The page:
Posted: 10 Jun. 2021 5 min. read

Four business scenarios for cloud innovation

A blog post by Diana Kearns-Manolatos, senior manager, Center for Integrated Research, Deloitte Services LP

In an environment where organizations constantly need to innovate, evolve and change, digital enterprises have proven their capacity to drive financial value and competitive advantage. While many technologies will be part of a company’s digital strategy, the cloud will almost certainly be one of them.

Cloud technology is the de facto computing standard to store and process information and power enterprise and distributed solutions, but as organizations look to innovate and change, there will be competing business priorities to align and equally important technical considerations to take into account. If a CIO can understand potential overlaps in business and technical requirements across various cloud innovation programs, the organization can gain greater economies of scale from its cloud investment and speed innovation programs.

Assess relevant business and technical factors with potential areas of overlap

On the business side, there are several areas where organizations are using cloud to support innovation programs, including:

  • IT operations – Business applications are moved to the cloud to create more resilient and secure solutions that support the organization and its workforce. Business innovation strategies using cloud to drive this desired outcome may focus on business continuity, remote workforce management, proactive cybersecurity and governance, and more.
  • Data strategy – Organizations use the cloud to support a range of data analysis and computing strategies that power innovative solutions. These strategies may focus on data consolidation, data analytics, data intelligence and machine learning, and data at the “intelligent edge.”
  • Customer experience management Another key priority is the customer experience and how cloud technology can help to innovate it. These strategies may focus on frictionless agile experience management, omnichannel strategies, personalized and virtual experiences, and the spatial web.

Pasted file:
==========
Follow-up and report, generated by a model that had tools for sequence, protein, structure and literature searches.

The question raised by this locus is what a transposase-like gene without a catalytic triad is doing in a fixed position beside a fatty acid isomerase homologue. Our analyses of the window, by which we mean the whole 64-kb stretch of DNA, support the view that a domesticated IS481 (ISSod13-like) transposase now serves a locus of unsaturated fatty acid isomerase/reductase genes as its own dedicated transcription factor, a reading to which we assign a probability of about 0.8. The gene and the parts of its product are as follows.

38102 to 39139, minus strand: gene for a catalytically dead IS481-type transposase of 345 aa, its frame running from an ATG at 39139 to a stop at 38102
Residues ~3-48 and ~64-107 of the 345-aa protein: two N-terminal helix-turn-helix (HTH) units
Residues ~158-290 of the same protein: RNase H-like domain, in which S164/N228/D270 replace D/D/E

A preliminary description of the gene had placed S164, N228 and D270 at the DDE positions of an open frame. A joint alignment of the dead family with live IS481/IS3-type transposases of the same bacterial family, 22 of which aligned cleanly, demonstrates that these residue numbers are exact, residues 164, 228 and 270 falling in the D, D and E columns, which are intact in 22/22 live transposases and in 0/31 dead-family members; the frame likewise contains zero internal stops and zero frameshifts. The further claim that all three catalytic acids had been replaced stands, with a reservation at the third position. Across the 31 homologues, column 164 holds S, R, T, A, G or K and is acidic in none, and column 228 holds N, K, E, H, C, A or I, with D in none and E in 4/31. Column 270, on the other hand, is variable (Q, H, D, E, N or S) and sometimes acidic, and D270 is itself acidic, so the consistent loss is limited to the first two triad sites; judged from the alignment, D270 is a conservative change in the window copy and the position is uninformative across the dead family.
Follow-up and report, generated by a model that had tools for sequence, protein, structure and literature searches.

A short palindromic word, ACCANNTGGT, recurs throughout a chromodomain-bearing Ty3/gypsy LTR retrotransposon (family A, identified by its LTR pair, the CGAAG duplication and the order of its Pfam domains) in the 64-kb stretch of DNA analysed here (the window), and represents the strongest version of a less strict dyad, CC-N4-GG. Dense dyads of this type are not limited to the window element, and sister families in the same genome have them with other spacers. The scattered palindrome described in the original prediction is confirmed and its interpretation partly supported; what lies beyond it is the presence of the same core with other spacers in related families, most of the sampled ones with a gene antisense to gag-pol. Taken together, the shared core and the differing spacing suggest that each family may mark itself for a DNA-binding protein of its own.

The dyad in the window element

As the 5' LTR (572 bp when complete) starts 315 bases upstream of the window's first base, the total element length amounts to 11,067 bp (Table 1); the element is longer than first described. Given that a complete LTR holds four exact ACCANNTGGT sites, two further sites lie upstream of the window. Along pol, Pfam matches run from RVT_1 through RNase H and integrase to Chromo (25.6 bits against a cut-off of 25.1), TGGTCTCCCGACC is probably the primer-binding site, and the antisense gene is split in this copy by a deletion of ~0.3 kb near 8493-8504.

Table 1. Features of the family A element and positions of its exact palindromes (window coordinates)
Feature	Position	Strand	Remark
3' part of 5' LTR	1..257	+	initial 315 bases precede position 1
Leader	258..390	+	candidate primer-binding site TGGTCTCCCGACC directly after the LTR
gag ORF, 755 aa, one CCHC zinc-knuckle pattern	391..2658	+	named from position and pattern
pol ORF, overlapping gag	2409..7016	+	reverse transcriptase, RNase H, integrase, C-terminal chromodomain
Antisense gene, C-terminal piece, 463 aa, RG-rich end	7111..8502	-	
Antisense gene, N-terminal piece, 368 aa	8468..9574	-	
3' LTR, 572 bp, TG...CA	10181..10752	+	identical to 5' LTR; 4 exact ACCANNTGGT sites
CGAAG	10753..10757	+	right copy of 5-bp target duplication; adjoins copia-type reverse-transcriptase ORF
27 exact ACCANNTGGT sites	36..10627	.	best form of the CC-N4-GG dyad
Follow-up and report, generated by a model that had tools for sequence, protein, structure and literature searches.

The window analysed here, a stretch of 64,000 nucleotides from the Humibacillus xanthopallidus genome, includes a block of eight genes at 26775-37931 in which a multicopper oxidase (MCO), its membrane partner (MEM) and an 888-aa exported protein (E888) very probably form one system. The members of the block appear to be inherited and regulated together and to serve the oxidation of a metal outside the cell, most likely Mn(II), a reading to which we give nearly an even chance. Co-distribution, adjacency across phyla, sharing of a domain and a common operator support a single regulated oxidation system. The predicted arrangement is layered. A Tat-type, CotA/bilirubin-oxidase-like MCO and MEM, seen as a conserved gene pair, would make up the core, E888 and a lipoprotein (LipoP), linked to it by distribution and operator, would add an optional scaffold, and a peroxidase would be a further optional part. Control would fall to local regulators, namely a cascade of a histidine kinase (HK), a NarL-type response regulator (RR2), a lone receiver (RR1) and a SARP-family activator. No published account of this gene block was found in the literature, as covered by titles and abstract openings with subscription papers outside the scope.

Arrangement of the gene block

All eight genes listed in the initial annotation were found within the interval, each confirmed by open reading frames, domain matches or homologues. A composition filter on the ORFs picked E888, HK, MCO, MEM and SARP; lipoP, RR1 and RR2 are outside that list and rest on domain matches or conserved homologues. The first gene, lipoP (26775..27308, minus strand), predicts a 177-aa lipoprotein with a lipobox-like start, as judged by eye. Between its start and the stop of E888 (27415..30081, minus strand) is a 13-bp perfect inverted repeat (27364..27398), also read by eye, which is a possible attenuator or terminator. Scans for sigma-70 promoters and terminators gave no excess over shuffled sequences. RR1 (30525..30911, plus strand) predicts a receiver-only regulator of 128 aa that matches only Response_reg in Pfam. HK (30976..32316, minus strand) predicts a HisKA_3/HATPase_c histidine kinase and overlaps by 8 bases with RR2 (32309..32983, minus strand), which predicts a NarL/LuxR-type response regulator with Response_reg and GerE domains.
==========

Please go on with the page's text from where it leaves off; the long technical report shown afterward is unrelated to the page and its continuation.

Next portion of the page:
• Platforms and ecosystems Digital and innovation programs can use cloud to support enterprise platform strategies, connected digital supply chains, ecosystem strategies, and networked solutions.

Each of these business requirements will have corresponding technical considerations in terms of operating model, standards, legacy versus agile infrastructure requirements, cloud strategy (whether single- or multicloud), and the extent to which the organization aims to be cloud-captive. As organizations understand and assess business requirements across multiple programs, they can consider overlapping technical requirements in these areas to gain economies of scale related to their cloud investments.

In our recent Deloitte Insights analysis, “A new framing for cloud innovation,” we look at these business and technical factors to envision four likely scenarios for the future of cloud innovation to plan for in the next three to five years. They are based on existing trends in workforce and customer operational strategies and maturity data needs across global organizations. These scenarios are as follows: